“We love food too much to deny ourselves or cut anything out, we feel better if we have a really varied diet, but when you are rushing around that can be a bit harder.” 

Meares believes we can allow ourselves to relax about our diets and enjoy indulging occasionally without a side of guilt by planning ahead – adapt your training regime and nutrition before or after a holiday, for example. 

“Planning ahead means you won’t feel like you’ve left yourself down, or that you aren’t achieving your goals,” he says. “When you’re back and refocused you can revisit your usual program and feel motivated to continue, you’ll be in a far more positive head space.”

If you’re having a weekend away or even just a special meal, it helps to adopt intuitive eating. That means being mindful of when your body is hungry, listening to your body and being aware of when you’re full.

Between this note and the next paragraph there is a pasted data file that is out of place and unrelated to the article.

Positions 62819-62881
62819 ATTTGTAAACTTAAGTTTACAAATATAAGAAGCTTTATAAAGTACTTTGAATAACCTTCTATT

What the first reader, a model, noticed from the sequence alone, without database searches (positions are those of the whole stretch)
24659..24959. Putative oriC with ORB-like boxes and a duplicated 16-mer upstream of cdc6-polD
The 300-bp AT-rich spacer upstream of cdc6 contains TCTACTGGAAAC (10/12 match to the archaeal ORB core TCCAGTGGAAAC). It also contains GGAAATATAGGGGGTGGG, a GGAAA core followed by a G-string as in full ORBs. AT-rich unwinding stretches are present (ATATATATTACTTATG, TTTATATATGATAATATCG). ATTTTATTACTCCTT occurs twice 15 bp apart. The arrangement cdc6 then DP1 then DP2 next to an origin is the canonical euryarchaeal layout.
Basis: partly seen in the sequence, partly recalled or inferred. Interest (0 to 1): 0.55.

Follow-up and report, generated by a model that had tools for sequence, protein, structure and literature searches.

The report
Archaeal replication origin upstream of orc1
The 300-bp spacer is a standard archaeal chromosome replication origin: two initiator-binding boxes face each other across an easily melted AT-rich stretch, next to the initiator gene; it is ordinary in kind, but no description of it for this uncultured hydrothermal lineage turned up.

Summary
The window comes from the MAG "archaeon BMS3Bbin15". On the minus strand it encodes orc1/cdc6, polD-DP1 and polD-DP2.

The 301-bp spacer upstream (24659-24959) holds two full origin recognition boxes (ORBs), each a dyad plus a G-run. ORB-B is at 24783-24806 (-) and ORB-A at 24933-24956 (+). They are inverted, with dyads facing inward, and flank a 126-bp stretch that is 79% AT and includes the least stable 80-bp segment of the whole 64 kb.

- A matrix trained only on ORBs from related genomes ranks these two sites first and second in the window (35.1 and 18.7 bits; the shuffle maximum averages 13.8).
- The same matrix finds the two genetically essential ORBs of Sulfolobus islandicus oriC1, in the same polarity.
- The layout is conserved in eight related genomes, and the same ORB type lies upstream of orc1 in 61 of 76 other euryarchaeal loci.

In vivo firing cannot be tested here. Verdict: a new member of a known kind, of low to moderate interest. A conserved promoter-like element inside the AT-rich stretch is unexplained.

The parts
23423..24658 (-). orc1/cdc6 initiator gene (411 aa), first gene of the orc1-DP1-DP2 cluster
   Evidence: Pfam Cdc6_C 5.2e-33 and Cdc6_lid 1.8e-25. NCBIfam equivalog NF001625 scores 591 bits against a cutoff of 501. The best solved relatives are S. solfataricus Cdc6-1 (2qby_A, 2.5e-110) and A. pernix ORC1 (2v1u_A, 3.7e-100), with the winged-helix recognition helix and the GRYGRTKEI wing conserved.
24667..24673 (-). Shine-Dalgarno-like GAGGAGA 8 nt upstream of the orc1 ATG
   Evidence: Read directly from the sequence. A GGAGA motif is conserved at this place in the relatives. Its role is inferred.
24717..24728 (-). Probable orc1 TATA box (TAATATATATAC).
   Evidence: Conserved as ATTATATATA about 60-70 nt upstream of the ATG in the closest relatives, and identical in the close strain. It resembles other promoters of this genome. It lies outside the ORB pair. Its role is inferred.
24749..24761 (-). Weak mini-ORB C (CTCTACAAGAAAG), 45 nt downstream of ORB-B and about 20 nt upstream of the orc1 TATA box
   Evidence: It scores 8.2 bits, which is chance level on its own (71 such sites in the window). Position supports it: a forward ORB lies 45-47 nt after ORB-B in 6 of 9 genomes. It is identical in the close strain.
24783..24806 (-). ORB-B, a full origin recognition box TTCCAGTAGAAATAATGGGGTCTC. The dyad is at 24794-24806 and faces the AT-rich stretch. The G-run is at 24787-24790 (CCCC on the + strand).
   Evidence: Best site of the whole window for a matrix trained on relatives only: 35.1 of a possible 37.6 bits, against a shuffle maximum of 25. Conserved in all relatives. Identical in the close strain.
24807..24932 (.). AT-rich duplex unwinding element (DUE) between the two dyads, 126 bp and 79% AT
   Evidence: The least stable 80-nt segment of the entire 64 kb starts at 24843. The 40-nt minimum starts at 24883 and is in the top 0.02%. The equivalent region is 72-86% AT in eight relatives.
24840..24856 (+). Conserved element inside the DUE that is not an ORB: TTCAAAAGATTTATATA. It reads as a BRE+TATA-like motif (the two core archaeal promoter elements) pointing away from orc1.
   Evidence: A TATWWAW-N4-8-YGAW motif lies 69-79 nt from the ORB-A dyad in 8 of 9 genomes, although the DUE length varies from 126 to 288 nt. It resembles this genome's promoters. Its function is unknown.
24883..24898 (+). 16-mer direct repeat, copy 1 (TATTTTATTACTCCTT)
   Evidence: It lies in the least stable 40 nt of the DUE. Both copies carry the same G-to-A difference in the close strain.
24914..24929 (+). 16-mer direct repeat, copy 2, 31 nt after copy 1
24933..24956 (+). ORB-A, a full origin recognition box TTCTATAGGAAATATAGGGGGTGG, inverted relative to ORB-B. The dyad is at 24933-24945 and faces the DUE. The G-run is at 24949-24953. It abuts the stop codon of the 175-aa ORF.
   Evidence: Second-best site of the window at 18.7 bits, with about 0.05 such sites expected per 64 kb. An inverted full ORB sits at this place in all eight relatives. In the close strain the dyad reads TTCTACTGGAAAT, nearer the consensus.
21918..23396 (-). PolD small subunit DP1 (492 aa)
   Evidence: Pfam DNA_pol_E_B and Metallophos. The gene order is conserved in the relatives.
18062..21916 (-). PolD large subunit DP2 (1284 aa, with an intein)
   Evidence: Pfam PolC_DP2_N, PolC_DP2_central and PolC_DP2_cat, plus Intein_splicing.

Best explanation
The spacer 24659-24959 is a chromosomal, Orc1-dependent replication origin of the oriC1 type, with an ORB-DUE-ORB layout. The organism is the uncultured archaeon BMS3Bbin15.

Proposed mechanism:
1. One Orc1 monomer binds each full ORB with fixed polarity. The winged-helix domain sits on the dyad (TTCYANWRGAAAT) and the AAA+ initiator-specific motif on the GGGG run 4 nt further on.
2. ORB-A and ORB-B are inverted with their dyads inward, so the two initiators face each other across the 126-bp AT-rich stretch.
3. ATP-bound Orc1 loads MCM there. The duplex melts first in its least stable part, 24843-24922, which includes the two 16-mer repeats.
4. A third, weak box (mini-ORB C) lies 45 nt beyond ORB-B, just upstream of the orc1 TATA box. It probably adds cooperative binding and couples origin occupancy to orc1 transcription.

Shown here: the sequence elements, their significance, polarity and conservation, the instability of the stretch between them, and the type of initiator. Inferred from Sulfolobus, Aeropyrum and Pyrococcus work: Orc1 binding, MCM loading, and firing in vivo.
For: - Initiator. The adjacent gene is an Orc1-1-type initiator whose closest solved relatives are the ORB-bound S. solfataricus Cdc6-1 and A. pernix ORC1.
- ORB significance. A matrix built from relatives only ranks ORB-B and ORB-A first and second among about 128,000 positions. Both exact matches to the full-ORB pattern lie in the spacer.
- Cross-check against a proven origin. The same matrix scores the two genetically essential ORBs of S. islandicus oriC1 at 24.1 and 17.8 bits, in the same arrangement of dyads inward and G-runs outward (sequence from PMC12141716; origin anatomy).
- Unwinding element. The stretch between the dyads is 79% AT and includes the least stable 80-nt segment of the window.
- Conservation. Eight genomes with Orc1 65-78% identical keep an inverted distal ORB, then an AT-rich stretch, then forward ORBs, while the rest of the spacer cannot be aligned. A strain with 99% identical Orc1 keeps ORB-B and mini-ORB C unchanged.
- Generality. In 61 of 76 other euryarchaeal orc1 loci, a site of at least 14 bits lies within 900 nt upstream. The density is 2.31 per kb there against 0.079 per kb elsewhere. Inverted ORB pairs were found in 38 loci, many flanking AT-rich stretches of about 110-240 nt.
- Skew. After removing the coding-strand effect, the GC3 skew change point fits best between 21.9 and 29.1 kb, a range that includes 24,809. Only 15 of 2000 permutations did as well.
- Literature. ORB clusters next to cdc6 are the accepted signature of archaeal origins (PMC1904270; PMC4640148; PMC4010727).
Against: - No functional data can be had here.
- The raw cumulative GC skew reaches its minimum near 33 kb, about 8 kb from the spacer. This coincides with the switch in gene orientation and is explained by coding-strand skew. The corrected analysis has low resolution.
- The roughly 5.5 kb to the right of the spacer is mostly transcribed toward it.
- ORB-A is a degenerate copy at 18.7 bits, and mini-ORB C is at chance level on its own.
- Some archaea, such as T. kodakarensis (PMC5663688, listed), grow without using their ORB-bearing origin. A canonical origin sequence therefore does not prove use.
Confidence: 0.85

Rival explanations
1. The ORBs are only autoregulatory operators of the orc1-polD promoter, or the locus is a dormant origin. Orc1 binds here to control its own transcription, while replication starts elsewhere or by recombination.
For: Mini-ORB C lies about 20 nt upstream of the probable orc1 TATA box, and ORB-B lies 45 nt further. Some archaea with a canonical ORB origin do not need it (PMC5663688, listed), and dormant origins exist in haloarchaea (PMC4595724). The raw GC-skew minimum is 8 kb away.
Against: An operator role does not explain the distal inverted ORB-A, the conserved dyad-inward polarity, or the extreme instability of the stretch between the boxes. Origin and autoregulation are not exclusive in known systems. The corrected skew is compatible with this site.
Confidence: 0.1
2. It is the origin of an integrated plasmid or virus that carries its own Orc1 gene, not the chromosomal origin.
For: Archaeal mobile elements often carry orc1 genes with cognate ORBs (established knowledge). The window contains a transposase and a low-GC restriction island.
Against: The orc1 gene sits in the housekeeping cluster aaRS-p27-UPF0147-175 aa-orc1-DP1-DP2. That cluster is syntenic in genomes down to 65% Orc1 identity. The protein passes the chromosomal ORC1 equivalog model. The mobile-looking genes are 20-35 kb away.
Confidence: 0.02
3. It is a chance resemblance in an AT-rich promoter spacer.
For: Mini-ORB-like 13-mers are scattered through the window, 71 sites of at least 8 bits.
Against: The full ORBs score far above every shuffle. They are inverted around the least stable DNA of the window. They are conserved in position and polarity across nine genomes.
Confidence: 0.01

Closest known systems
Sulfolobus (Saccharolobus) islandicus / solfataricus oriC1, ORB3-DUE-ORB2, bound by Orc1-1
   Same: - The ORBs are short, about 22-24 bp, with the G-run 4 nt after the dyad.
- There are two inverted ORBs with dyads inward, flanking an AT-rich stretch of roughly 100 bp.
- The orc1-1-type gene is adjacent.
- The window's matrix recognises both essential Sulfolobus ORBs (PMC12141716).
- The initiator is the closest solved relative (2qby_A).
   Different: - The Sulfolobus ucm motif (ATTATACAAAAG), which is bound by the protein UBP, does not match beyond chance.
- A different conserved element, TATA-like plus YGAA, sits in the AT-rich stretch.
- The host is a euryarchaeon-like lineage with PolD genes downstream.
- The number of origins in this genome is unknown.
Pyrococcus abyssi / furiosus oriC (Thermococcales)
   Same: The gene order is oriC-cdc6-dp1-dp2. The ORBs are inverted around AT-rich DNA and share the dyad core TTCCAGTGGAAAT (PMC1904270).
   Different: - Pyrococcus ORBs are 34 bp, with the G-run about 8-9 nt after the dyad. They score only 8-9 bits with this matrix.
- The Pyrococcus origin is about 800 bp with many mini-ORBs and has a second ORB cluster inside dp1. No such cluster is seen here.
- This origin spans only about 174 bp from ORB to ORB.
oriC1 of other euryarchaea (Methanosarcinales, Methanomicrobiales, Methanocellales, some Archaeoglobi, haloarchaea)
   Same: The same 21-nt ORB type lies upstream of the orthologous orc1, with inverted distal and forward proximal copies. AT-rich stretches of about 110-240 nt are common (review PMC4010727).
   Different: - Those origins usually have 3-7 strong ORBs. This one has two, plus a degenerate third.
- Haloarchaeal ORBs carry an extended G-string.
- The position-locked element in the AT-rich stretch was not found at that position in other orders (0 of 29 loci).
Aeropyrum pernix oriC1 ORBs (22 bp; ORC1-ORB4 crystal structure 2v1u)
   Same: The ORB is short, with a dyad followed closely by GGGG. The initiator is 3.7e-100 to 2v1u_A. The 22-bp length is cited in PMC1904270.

“Make peace with your choices even if they’re not a part of your plan,” Meares says. “I can’t stress the importance of giving yourself a break, accept and enjoy the moment of being relaxed or less strict, life is for living.”

This can also help you fight the all too common mentality of: “I’ve had one biscuit, I might as well finish the packet because everything’s ruined now.”

When you find yourself in such a situation, heading back to the cupboard even though you deliberately put the packet away because you were only going to have one, the trick is to go back to your original goal and ask yourself why you set it. 

On one hand, you may want to lose half a stone, but on the other you want to have the biscuits. Which do you prioritise?

You need to ask yourself why you want to lose that half a stone.